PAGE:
When he was 40 years old, actor Bill Bowers left his gig at “The Lion King” on Broadway — one of the highest-earning musicals in history — to become a mime. We talked to Bowers about why he took up the silent art, his technique, and the importance of passing on the art form of mime “body to body.”
Following is a transcript of the video.
Usually the first thing, when people find out I’m a mime, the first question they ask is “why?”
My name’s Bill Bowers and I am a mime.
You have energy and this imaginary world has energy and where the two things come together is an illusion. That’s where the imagination of the audience joins you. Your imagination meets theirs and together you create an object.
So put your hands on the wall, it’s a pushup. So you’re going to let your body come in, and then use the wall to push back. Push in.
When an audience is allowed to really sit and receive information in another way, maybe in a nonverbal way, where you’re taking information in through your collaboration imaginatively. You know, in pantomime the audience is really participating in helping see what you’re trying to create in illusion.
Look at that, yeah! Do that a couple times, just send it back and forth. And what you’re doing is great because you’re watching what you’re doing and that’s really helpful for an audience because there’s nothing there.
What I find is people are incredibly moved. That’s the overall comment I get is that people will say A, I didn’t think I liked mime, and B, I had no idea I would be so emotional by this.
So I think silence has incredible power that way. If you think of silent spaces, churches, temples, libraries, you know, it’s places where people are contemplating and sitting with themselves, which there’s less and less opportunity to do that in our culture and it’s a vulnerable place to put yourself.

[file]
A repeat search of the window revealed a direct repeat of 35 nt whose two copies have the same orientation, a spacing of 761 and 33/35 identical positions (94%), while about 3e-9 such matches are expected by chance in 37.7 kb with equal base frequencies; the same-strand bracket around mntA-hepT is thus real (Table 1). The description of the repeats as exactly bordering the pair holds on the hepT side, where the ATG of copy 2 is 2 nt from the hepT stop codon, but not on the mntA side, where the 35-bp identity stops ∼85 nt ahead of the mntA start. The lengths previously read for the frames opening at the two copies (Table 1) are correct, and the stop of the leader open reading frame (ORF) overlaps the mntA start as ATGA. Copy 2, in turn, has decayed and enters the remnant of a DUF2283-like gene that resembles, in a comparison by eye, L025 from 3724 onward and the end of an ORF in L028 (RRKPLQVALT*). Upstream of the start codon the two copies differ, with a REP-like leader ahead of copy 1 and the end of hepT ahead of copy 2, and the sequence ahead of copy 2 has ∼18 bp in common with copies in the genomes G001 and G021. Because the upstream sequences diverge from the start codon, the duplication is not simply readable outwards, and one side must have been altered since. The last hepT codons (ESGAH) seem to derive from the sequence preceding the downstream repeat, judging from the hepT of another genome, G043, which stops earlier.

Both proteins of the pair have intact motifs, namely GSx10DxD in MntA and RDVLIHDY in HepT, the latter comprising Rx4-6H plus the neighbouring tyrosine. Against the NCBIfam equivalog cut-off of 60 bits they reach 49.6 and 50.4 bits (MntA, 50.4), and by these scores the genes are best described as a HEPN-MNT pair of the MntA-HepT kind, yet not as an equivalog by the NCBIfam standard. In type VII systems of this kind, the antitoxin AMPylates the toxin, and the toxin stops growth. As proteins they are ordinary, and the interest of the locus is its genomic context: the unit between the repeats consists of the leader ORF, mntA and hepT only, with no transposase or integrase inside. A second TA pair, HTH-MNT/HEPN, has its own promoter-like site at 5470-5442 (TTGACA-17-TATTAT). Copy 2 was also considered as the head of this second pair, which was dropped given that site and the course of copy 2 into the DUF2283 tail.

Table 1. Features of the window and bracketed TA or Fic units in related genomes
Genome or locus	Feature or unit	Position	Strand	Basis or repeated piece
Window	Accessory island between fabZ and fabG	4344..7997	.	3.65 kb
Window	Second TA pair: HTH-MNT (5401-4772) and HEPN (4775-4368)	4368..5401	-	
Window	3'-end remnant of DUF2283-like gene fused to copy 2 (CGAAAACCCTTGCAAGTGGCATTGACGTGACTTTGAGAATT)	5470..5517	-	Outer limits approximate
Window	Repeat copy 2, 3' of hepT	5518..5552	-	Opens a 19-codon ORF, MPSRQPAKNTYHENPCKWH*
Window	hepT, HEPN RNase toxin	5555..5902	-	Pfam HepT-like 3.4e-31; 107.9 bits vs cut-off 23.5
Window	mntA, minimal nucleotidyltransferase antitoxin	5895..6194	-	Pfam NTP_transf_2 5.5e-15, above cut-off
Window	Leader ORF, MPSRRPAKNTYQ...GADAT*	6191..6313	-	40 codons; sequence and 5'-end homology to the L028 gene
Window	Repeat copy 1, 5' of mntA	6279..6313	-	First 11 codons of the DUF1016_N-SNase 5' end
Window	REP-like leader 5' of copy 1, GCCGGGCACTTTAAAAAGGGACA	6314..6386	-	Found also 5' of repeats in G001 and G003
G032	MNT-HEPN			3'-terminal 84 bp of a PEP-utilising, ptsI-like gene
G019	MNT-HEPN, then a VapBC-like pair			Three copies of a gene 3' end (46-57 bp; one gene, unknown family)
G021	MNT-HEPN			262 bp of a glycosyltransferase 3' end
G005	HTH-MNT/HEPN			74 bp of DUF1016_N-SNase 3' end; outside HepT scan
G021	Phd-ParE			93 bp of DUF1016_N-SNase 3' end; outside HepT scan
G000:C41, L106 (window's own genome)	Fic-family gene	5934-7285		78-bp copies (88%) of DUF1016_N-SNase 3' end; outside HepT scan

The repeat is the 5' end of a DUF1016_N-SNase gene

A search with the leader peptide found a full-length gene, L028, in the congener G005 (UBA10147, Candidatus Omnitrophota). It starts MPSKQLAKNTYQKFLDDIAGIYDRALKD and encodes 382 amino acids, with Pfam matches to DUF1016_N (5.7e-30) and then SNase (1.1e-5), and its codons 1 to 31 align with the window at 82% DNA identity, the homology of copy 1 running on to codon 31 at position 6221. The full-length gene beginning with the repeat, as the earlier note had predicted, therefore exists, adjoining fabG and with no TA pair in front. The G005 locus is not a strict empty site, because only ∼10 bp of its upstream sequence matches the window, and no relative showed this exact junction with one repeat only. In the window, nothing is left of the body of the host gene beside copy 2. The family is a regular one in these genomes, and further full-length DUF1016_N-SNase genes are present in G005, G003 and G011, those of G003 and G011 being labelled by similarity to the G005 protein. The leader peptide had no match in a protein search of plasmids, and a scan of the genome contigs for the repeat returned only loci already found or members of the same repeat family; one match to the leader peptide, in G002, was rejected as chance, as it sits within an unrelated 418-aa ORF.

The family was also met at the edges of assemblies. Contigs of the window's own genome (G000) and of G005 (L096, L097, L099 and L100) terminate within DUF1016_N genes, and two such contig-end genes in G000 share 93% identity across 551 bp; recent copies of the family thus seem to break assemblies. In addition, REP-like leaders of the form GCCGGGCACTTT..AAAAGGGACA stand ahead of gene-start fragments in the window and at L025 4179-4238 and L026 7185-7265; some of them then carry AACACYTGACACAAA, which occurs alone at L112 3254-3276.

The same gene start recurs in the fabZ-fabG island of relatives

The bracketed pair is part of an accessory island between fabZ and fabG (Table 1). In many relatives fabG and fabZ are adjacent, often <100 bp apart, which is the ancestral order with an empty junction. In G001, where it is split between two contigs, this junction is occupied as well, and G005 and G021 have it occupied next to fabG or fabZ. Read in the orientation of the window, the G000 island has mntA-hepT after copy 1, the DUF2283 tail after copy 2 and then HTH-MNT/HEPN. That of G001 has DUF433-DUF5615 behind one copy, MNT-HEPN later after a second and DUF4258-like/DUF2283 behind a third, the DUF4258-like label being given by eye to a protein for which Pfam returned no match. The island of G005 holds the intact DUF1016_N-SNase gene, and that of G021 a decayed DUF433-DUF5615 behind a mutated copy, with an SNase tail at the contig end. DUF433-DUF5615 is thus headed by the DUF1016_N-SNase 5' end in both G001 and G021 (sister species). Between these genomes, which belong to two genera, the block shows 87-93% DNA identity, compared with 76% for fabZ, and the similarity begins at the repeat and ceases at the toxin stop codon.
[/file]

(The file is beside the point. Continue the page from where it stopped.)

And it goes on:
I was on Broadway doing The Lion King when it first began. I was playing Zazu, the bird. It was a big hit and we were doing a lot of — I mean, eight shows a week and lots of other special events, and I ended up injuring my hand. I was in the hospital for a period of time, my hands were in these big foam rubber boxes, and I was watching the news and there was a story about Marcel Marceau going on his 80th birthday world tour.
Marcel Marceau was in so many ways synonymous with mime. He was invited on a number of live broadcasts and that brought mime, this art form, into people’s living rooms, and he would continue to appear on TV and in film, and so he just had a huge influence on bringing what mime was out to the masses.
And I had one of those lightbulb moments. I just thought if I’m ever going to study with him, I need to do that. And so, I would leave The Lion King, I went off with Marcel Marceau for the next, or parts of the next three years, and the year after that he died, so I was very glad I took the leap.
It’s such a unique art and particularly in the US, there’s so few people doing it. One of the things Marceau really stressed was that if you don’t pass it on body to body, it’ll disappear, it’ll just go away. So I took that kind of as my mission and I’ve been on the road ever since.
In New York City there’s a handful of us that are working as mimes and I think part of the … what’s changed is that since Marcel Marceau died which was 10 years ago this month, he was kind of the hub of the wheel and there’s no “there” there anymore. And so, I think modern mime has to kind of reformulate and find what it’s going to be next. I’m confident it will continue on, I think it might change shape. You know, we see a lot of mime technique in freestyle dance and hip hop dance, which I think is fantastic, I just think it’s moving forward in some new ways.